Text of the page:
WHITE OAK — The devil has done everything it could over the past several months to disrupt the services at Live Oak Methodist Church, but the congregation is fighting back.
On Oct. 8 last year, Hurricane Matthew took aim at the region and left behind millions of dollars in damage. For Live Oak Methodist Church, which is located in the northwest corner of Bladen County just off the Cumberland County line, it was the beginning of numerous difficulties.
“Jessup Pond was destroyed and the storm also took out about 400 feet of road, so a lot of us were landlocked,” said Nancy Edwards, a member of the congregation. “We couldn’t get anywhere for a while.”
Despite that hardship, Edwards said the 35 church members “thought we’d been blessed that no homes in the area and our church had been spared.”
But all that soon changed.
“A few weeks ago, we found that the church was riddled with mold and mildew,” Edwards said. “We found it in the floors, the walls … everywhere.”
That discovery immediately shut the doors to the 125-year-old church, leaving the congregation with numerous decisions to make and little money to fall back on.
“We were told by a mold remediation team out of Raleigh that we had ‘white mold,’ which is extremely harmful to those with respiratory problems, the elderly and young children,” Edwards said. “That’s pretty much most of our congregation.”
It’s not the first time Live Oak Methodist Church has been faced with a tragedy that directly affected its congregation. Edwards said, a few years ago, the fires that swept through the area damaged and destroyed a number of homes.
“Our congregation was much bigger then, but quite a few people moved after those fires,” she said.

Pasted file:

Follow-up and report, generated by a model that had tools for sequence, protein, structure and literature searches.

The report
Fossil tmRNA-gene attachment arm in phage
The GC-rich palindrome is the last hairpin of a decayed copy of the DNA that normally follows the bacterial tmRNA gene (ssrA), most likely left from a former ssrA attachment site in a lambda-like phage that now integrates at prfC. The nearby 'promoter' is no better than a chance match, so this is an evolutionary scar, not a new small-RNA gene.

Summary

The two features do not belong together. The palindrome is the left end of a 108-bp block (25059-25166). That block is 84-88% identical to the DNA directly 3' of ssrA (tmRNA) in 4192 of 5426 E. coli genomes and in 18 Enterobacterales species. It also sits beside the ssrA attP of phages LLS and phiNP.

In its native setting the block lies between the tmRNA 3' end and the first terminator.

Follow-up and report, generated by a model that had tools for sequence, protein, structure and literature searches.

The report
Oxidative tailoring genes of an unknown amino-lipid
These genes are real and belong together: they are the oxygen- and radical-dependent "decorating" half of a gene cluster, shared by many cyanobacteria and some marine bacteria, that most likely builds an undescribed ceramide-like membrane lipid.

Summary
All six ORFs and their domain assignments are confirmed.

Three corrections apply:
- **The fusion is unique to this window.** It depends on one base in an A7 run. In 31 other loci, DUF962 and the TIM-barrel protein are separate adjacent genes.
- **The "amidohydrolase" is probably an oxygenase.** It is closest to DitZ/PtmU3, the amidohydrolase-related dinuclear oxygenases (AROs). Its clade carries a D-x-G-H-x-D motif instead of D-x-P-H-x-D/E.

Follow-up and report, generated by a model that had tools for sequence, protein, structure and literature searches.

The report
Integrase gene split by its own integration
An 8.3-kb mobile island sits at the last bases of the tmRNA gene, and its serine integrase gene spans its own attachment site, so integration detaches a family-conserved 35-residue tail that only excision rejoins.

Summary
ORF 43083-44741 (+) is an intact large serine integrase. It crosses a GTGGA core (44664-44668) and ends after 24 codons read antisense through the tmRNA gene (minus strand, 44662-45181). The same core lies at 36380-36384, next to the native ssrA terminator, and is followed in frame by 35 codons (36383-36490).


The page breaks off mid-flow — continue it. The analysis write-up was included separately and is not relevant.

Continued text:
Those who remain are now faced with a mold remediation and restoration project that will carry a price tag of $31,000 or more — a daunting amount for a small congregation. But Edwards said the members are planning a number of fundraisers — including a BBQ plate sale, along with BBQ for $8 per pound and Boston butts for $25 (which must be ordered in advance by calling 910-866-4962) on April 8 at the Elizabethtown Middle School cafeteria from 11 a.m. to 6 p.m., as well as the possibility of a tulip bulb sale and a Children’s Fun Day closer to Easter.
The congregation also has a GoFundMe page that has, so far, brought in about $1,600. Anyone wanting to contribute can go to https://www.gofundme.com/4b6zxe-save-our-church.
Since the doors to the church were sealed shut in January, the congregation has been holding its worship services at Live Oak Community Center.
“We’re using it the best we can,” Edwards said. “We haven’t missed a Sunday — our main goal is to let people know we are still here and would love for them to come join us for worship.”
W. Curt Vincent can be reached by calling 910-862-4163.